There are, in teaching as in most other jobs, proper structures in place to evaluate the effectiveness of staff, and procedures for correction where appropriate. These include OFSTED (or DENI locally) inspections, the reports of which are published on the appropriate body's website for public consumption.

Then there's PRSD, the Performance Review and Staff Development scheme, were teachers are reviewed annually 'on the job' by their Principal or a member of Senior staff designated by the Principal. This involves monitoring of performance and classroom observation. (The outcome of these reviews is actually linked to pay, so they are not insignificant!)

Let's not forget about League Tables, a document published that showed the results for each exam class in each subject at every level in every school. You could use these documents to see, for example, what grades the class of a colleague who taught the same subject in another school got.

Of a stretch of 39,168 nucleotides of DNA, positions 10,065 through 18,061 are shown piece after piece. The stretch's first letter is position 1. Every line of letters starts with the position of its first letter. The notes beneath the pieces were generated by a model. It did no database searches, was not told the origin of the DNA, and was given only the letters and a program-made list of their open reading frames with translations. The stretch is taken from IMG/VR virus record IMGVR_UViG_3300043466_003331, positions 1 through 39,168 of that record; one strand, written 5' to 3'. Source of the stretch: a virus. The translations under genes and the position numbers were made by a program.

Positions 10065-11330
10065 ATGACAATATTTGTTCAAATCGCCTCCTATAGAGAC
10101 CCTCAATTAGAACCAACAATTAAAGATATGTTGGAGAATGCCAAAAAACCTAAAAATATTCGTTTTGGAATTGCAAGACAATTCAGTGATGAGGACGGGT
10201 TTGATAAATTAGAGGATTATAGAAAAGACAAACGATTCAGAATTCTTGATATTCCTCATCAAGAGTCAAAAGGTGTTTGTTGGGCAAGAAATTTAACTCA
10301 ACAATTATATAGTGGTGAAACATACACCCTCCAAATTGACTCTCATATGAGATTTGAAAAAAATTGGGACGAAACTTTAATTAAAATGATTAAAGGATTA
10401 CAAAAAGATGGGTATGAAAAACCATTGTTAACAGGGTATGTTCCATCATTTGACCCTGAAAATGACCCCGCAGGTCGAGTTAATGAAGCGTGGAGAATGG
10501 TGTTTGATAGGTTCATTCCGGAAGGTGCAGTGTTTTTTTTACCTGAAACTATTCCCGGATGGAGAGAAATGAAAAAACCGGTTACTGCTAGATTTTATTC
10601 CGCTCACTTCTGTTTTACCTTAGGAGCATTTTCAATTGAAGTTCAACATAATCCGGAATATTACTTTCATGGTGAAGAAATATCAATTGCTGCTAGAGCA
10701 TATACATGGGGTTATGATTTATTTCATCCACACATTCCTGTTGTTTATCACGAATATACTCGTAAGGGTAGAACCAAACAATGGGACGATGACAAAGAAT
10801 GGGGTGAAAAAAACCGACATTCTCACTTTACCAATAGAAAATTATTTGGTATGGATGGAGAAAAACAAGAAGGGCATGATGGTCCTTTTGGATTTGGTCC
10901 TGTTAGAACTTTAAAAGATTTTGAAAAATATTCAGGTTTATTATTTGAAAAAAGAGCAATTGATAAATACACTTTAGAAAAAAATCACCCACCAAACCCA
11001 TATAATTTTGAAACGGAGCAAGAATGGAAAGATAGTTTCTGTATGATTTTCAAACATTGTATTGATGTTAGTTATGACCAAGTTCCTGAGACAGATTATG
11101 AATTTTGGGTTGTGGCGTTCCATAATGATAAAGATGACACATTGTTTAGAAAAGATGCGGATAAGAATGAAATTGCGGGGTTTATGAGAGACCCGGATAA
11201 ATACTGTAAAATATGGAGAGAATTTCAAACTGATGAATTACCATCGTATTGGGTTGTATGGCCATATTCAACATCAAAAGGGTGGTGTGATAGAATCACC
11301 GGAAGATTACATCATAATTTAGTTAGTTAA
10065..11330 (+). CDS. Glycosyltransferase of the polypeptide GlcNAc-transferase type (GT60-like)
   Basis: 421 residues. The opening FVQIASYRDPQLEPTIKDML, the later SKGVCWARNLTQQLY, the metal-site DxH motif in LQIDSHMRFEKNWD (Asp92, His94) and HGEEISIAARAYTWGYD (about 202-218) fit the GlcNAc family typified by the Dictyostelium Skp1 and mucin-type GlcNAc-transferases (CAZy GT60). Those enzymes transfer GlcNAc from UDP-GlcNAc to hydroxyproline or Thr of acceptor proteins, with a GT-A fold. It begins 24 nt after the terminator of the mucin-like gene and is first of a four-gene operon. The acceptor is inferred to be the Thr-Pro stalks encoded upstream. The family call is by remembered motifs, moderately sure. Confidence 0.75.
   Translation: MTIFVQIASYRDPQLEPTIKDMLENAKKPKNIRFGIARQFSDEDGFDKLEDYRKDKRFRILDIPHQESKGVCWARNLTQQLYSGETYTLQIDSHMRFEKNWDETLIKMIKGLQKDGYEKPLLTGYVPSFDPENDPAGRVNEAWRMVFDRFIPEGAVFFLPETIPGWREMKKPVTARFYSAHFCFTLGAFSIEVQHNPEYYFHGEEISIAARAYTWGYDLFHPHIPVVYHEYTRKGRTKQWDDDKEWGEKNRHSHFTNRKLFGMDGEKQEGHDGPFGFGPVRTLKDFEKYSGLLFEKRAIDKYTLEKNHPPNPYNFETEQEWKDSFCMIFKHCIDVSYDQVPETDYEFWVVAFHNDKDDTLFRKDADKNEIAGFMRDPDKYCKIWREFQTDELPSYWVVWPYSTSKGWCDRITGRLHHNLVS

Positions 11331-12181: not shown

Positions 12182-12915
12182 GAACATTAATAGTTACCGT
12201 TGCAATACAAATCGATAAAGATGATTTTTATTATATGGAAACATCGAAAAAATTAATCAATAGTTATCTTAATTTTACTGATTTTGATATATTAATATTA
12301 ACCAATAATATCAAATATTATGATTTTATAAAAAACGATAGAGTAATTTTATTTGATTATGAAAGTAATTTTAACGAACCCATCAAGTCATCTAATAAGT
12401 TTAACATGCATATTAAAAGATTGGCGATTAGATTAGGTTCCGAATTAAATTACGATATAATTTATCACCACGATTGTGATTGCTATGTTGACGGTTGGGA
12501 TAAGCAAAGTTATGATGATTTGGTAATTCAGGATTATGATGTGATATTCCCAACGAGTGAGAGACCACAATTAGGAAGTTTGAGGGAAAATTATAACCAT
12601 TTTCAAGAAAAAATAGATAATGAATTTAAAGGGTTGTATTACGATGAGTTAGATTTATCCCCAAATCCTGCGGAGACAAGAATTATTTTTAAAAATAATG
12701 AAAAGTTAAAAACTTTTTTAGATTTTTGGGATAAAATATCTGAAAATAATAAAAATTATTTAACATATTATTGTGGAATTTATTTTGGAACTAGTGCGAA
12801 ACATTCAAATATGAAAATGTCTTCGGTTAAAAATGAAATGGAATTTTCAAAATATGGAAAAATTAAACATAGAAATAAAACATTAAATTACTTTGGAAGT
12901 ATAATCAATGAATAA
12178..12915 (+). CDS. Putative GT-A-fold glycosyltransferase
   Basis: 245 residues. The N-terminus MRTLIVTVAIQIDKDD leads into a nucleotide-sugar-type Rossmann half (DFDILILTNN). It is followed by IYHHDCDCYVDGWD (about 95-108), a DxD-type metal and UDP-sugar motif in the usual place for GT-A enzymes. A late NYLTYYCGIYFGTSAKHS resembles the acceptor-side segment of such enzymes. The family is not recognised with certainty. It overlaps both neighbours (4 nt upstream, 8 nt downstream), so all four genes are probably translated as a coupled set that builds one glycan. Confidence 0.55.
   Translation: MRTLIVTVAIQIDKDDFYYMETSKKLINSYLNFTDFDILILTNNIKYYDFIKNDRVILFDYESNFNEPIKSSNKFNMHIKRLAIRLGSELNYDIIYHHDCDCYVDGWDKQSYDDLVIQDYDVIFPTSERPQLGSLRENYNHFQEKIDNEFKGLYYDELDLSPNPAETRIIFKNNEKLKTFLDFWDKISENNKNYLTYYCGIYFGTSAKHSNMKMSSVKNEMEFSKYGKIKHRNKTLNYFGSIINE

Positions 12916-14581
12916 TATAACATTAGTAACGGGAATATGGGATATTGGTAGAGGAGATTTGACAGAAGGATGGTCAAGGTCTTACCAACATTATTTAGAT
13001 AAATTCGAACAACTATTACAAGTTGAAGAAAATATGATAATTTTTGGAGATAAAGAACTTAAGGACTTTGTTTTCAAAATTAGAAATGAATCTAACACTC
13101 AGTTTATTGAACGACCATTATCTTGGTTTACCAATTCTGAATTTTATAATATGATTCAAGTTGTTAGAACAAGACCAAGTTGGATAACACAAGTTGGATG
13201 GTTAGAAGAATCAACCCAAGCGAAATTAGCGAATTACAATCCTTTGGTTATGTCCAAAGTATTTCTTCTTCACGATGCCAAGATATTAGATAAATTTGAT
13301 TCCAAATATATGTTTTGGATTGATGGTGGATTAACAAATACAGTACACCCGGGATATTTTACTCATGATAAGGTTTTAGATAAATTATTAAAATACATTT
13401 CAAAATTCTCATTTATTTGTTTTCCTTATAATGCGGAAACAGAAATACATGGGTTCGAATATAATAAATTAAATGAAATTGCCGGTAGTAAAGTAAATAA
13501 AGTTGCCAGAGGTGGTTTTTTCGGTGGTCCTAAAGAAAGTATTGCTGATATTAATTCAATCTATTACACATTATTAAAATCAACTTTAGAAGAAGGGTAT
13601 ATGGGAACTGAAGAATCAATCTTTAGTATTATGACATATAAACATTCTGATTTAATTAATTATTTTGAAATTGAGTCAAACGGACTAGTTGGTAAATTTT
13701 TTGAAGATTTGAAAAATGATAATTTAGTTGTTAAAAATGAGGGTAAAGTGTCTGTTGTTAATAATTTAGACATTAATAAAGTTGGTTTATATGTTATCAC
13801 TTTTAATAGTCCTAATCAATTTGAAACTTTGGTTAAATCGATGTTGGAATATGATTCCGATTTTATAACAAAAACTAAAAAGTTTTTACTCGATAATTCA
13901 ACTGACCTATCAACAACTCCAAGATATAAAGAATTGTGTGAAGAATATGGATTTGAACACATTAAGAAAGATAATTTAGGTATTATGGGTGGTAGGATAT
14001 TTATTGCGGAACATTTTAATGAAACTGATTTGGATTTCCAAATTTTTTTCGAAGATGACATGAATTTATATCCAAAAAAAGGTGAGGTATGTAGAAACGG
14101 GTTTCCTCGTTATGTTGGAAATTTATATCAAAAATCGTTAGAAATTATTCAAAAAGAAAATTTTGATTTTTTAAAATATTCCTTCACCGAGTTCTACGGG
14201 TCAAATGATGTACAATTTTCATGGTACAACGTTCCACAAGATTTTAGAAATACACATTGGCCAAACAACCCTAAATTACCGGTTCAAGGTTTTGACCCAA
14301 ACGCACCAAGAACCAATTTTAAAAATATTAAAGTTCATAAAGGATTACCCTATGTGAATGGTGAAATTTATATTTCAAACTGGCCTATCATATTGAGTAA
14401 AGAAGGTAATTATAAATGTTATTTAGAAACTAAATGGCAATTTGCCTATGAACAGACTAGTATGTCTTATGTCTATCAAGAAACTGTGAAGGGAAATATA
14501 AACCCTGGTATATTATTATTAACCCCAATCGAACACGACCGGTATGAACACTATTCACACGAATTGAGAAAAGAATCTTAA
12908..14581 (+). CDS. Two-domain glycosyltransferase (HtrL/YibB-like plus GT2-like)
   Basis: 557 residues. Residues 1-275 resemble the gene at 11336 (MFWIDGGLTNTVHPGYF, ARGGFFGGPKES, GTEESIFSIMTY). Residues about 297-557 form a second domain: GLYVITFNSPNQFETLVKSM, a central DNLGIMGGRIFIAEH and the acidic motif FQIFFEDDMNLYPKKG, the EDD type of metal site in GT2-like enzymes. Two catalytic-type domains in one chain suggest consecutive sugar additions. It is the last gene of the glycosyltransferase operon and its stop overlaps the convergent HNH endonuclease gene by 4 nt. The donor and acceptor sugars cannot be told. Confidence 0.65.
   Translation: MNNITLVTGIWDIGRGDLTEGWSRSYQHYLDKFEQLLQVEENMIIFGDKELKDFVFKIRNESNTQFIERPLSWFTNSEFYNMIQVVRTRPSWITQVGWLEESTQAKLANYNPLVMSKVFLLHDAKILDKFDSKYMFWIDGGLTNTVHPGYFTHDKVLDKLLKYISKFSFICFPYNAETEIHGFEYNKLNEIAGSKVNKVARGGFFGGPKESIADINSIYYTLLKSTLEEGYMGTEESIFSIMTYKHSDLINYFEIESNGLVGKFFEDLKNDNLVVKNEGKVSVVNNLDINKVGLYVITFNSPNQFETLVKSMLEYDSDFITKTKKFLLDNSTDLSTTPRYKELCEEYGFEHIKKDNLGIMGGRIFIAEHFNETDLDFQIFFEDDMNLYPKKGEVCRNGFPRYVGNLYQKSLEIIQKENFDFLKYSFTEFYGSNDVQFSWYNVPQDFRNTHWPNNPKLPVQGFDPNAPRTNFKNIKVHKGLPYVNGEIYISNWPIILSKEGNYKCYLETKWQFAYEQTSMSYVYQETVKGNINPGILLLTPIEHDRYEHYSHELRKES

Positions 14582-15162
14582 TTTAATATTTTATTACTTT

It's one thing to be judged by other professionals in your field. It's something completely different to be judged by those who are neither working in your field, nor professionals.

For years I taught students who didn't want to be there, didn't want to listen, didn't want to learn, didn't want to do any work and didn't want a job because they knew they could live very nicely on Government handouts thankyou. So, because I persisted in teaching the syllabus, because I expected them to listen to me instead of their MP3 players, because I pushed for coursework (and coursework of what I considered an acceptable standard for each individual pupil), because I expected a level of behaviour above 'riotous' in my classroom, and because I pushed them to be the best they could be, do the best they could do, improve themselves and their opportunities, I was judged. I was the bitch. Actually, I was the f**king bitch.